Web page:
It seems like everyone is loving on salt prints lately! In the last few days Christina Z. Anderson and J. Keith Schreiber have posted some very in-depth and interesting material about salt on the Alternative Processes Facebook group. Really, Spiders, that's a great place to be if you're working in alt processes.
Christina Z. Anderson's post (HERE) was about the fancy-schmancy new paper by Hahnemühle: Platinum Rag. It's designed for (duh) platinum printing, but also produces good results for all manner of other processes. Diana Bloomfield used it to do a multi-layer gum print without any additional sizing! That's pretty impressive. Aside from the coolness of this (expensive) new paper, I enjoyed seeing someone else doing the same kind of rigorous testing that I'm doing with chemistry. The difference between gelatinized and non-gelatinzied paper is something I'm also going to end up testing, too.
Keith Schreiber's post (HERE) is more a general thing about salt printing. He talks about how it can have an even longer tonal range than platnium printing, which I didn't actually know. Kinda makes me wonder what the point of platinum is, since everyone always gushes about it's incredible tonal range. Plus, at the end of his post, he links a Salt Printing PDF from a printer working at the Fox Talbot Museum. More fun things to study! I also like that he provides very clear examples of various toning effects. It's nice to see well-documented information. I feel that's a big downside to the book by Christopher James. He gives examples of toned photographs, or variations on a process, but he doesn't provide (often probably can't, since he sources his examples from numerous other artists) side-by-side examples so you can see the difference between Approach A and Approach B. That side-by-side is hugely important to me.
Tuesday, February 23, 2016
Thursday, February 11, 2016
|6 hour exposure of dichromate test print|
So, I made a small salt print (the normal way, with 3% kosher salt), then added a drop of 5% ammonium dichromate to the top left and a drop of 5% potassium dichromate to the bottom right. In the middle of the print, I sprinkled the cream of tartar. Cream of tartar is chemically potassium bitartrate (KC4H5O6), which is a form of tartaric acid.
Again, my discussions with Johannes suggested that adding tartaric acid to a salt print should produce some variations of color. In the future, I'll test this further by mixing up a tartaric acid solution, probably just cream of tartar in water. Then I'll coat that solution onto a salted paper, in addition to regular sodium chloride.
Just to add some variety, I put a Red Nightshade leaf onto the salted, dichromated and tartarated paper. Then I exposed the paper for about 6 hours in sunlight, from dawn till around noon. Once I'd scanned the image after the first exposure, I let it sit out in sunlight (without the leaf) for another 2 days before I scanned it again. I've continued to leave it unprotected, so I'll be scanning again in a few weeks.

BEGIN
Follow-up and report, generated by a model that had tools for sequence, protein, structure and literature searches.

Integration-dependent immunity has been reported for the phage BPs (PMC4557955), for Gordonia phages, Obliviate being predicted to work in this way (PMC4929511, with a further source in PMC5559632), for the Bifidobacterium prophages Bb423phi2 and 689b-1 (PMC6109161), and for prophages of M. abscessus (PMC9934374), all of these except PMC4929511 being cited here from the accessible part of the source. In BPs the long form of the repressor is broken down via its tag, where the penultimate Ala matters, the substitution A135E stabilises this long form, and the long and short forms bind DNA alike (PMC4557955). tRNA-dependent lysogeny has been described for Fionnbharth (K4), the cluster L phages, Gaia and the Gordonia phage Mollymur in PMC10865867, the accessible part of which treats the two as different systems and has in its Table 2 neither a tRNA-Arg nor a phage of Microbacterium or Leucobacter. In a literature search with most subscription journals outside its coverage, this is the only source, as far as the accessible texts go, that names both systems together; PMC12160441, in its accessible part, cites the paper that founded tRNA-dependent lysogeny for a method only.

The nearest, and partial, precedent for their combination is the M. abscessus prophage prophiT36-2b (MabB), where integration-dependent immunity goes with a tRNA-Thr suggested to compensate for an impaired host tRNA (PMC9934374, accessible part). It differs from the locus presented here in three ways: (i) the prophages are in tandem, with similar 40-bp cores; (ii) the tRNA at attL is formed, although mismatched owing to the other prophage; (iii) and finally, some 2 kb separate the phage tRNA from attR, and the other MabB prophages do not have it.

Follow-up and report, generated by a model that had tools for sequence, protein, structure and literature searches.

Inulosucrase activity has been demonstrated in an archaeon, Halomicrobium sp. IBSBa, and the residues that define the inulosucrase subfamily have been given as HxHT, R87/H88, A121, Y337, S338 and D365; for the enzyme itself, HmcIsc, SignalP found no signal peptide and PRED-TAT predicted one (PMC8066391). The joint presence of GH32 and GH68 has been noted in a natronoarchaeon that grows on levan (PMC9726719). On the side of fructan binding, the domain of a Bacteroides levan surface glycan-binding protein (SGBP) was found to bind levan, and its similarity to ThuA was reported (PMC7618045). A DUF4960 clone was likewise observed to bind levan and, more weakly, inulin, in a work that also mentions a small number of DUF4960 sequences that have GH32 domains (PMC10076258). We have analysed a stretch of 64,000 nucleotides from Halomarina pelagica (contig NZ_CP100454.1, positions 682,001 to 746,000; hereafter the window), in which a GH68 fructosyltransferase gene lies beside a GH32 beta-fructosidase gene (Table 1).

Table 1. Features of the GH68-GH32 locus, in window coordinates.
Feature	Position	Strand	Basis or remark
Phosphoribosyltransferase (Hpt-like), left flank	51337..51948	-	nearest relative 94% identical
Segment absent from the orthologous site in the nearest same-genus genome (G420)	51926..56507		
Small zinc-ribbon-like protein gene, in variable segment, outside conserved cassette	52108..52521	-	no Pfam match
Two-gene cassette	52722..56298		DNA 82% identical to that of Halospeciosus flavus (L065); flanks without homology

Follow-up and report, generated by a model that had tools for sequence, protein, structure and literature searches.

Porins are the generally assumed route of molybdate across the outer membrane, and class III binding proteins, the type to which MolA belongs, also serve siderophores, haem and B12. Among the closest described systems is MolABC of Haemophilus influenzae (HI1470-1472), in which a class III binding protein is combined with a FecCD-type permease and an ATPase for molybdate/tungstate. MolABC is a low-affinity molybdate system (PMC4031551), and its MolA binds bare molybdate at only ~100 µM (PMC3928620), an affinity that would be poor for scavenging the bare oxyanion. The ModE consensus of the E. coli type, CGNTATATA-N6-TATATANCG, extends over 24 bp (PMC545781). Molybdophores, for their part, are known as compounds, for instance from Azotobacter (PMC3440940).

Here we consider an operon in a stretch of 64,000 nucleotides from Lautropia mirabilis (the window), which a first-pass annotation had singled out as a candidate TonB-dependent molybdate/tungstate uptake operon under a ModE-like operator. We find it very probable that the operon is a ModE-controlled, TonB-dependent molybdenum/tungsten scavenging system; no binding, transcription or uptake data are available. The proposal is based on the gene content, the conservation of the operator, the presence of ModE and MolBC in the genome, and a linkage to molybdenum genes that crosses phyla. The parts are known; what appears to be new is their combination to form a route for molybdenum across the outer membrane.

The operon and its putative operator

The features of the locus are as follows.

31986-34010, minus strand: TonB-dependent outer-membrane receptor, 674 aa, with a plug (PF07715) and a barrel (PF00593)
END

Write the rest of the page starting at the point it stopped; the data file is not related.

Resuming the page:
After 2 hours, the red color in the dichromate was lovely. Unfortunately, after the two days of sunlight, the dichromate had turned mostly violet, while the silver was the expected green. The cream of tartar had left slightly darker spots, but I'm not sure if that's just because it affected the original 6-hour exposure, or if it chemically created a reaction. Further testing is required!
I also did some tests on Potassium Iodide and Potassium Chloride salt prints. I'll have those results up on Flickr in the near future. They haven't been washed and fixed, yet. That's on the agenda for today, though!
Thursday, February 4, 2016
|Potassium Dichromate (K2Cr2O7): a rather nasty |
but potentially beautiful little chemical
Serdar informed me that he had previously made images using silver citrate, silver tartarate and silver carbonate instead of a silver halide. Unfortunately, he did not have any scans of these images, but he did say that he found them either too low in d-max, or too high in contrast for negative printing. Here's a list of what he said he used to create the different silver compounds
Silver Citrate = Silver Nitrate + Sodium Citrate
Silver Tartarate = Silver Nitrate + Tartaric Acid (maybe from cream of tartar?)
Silver Carbonate = Silver Nitrate + Sodium Carbonate (soda ash)
Basically, all that means that silver compounds aside from halides can likely be used to print visible images. I'm going to give these a try most definitely, especially since soda ash and cream of tartar are so easy to get. Sodium citrate is available from the university lab, so I'll be giving that a shot as well.